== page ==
main work in theoretical philosophy, he precisely used an erotic metaphor to formulate
what he considered to be the nal aim of philosophizing, saying that “in philosophy
we literally seek to immerse ourselves in things that are heterogeneous to it, without
placing those things in prefabricated categories. We want to adhere […] closely to
the heterogeneous” (Adorno 2004, 13). Pietro Lauro, the Italian translator of Negative
Dialectics, has argued that Adorno, in using the verb sich anschmiegen in this passage
(translated as “adhering to”, and actually indicating a kind of “amalgamating oneself
with the other”, or also a kind of “coming together”, inasmuch as an anschmiegende
Umarmung is an amalgamating embrace, i.e. the union of two or more human beings in
a sexual encounter) aimed to claim that “an erotic metaphor was able to express the fun-
damental question of non-identity” (Lauro 2004, 370). As Lauro writes in his Glossary
to the Italian edition of Negative Dialectics, “just as in sexual intercourse the individuals
are united together but still dierent from each other, without cancelling their individ-
uality”, in a similar way a negative-dialectical form of philosophizing should promote a
form of non-coercive union or fusion with the non-identical, without aiming anymore
to arrive at “a Hegelian form of synthesis” (Lauro 2004, 370-1). Hence sexual inter-
course is not viewed as a one-sided activity, comparable to a boring monologue of an
1152021, issue 2
active subject with a passive recipient, but is rather comparable to a dialectical relation of
simultaneous “entering in” and “being-received in” or “being-welcomed in”, in which
all the partners involved, experimenting an enchanting sense of anity, take part in an
exciting intersubjective dialogue and quite often exchange their roles in a spontaneous
and pleasurable way.
As once noted by Marcuse in The Aesthetic Dimension, art as such “cannot
change the world, but it can contribute to changing the consciousness and drives of
the men and women who could change the world” (Marcuse 1979, 32). Shifting our
discourse from artistic experience to erotic experience, we can perhaps paraphrase and
reformulate Marcuse’s convincing maxim by saying that perhaps a joyful sexuality as
such cannot change the world (in an emphatic meaning of the idea of “changing the
world”), but it can surely oer a glimpse of freedom and reconciliation even in an unfree
and unreconciled world, perhaps pointing to a gradual transformation of existing reality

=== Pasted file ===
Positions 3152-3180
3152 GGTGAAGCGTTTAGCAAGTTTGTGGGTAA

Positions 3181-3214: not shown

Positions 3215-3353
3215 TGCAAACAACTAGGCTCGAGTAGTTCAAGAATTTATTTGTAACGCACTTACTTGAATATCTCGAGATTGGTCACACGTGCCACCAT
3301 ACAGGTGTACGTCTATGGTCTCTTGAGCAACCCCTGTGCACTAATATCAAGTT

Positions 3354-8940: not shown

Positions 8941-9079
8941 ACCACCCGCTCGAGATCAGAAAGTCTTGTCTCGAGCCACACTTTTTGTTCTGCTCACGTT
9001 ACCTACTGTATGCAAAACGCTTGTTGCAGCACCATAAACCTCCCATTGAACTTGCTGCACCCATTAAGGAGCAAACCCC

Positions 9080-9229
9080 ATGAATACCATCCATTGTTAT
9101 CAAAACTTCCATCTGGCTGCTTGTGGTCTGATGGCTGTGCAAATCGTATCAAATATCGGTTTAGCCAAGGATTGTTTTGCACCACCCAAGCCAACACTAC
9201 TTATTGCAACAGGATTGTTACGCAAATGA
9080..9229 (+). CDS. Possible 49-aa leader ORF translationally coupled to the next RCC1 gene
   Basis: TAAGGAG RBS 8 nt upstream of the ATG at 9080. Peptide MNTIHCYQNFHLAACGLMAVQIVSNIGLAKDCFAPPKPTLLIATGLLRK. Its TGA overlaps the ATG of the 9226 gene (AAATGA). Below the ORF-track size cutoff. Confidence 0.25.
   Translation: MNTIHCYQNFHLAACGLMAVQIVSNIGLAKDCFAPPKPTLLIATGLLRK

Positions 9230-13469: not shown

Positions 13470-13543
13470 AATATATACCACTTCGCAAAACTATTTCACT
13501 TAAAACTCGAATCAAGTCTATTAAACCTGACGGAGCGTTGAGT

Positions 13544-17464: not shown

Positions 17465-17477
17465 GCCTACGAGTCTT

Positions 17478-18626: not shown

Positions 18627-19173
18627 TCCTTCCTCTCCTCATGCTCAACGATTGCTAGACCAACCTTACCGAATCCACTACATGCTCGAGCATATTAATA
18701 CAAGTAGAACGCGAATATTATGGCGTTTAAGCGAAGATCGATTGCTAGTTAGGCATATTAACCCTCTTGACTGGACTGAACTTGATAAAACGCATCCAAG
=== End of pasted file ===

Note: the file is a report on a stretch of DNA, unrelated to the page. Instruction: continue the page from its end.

and human relations starting from our most intimate, delicate, beautiful, communicative
and, for this reason, powerful and sometimes life-changing experiences of unity, fusion,
mutual permeation and interpenetration (or, so to speak, of merging together) with
other human beings. From this point of view, observations like those oered by Adorno
disclose the possibility of conceiving of sexuality in a radically non-reductive way as a
sort of actualization of something that, in the radiant eetingness of an intercourse, also
bears in itself a trace of the utopia of reconciliation between human beings.
References
Adorno, Theodor W. 2002. Aesthetic Theory. London
and New York: Continuum.
Adorno, Theodor W. 2004. Negative Dialectics.
London and New York: Routledge.
Adorno, Theodor W. 2005. Minima Moralia: Reflections
on a Damaged Life. London and New York: Verso.
Lauro, Pietro. “Glossario. 2004. In Theodor W.
Adorno, Dialettica negativa, 369-82. Torino:
Einaudi.
Marcuse, Herbert. 1979. The Aesthetic Dimension:
Toward a Critique of Marxist Aesthetics. Boston:
Beacon Press.
Müller-Doohm, Stefan. 2005. Adorno: A Biography.
Cambridge and Malden: Polity Press.
Stefano Marino is Associate Professor of Aesthetics
at the University of Bologna. His main research
interests are focused on critical theory of society,
phenomenology and hermeneutics, neopragmatism
and somaesthetics, philosophy of music, and
aesthetics of fashion. He is the author of several
books on Theodor W. Adorno, Hans-Georg Gadamer,
Martin Heidegger, Radiohead, and Frank Zappa.
He has translated from German into Italian four
books by Adorno and Gadamer, and from English
into Italian a book by Carolyn Korsmeyer. He has
published as co-editor several collections (books
and special issues in journals) on Kant, Nietzsche,
Gadamer, Adorno, deconstruction, popular culture
and social criticism, popular music and romanticism,
aesthetics and affectivity, fashion, and feminism.
Biography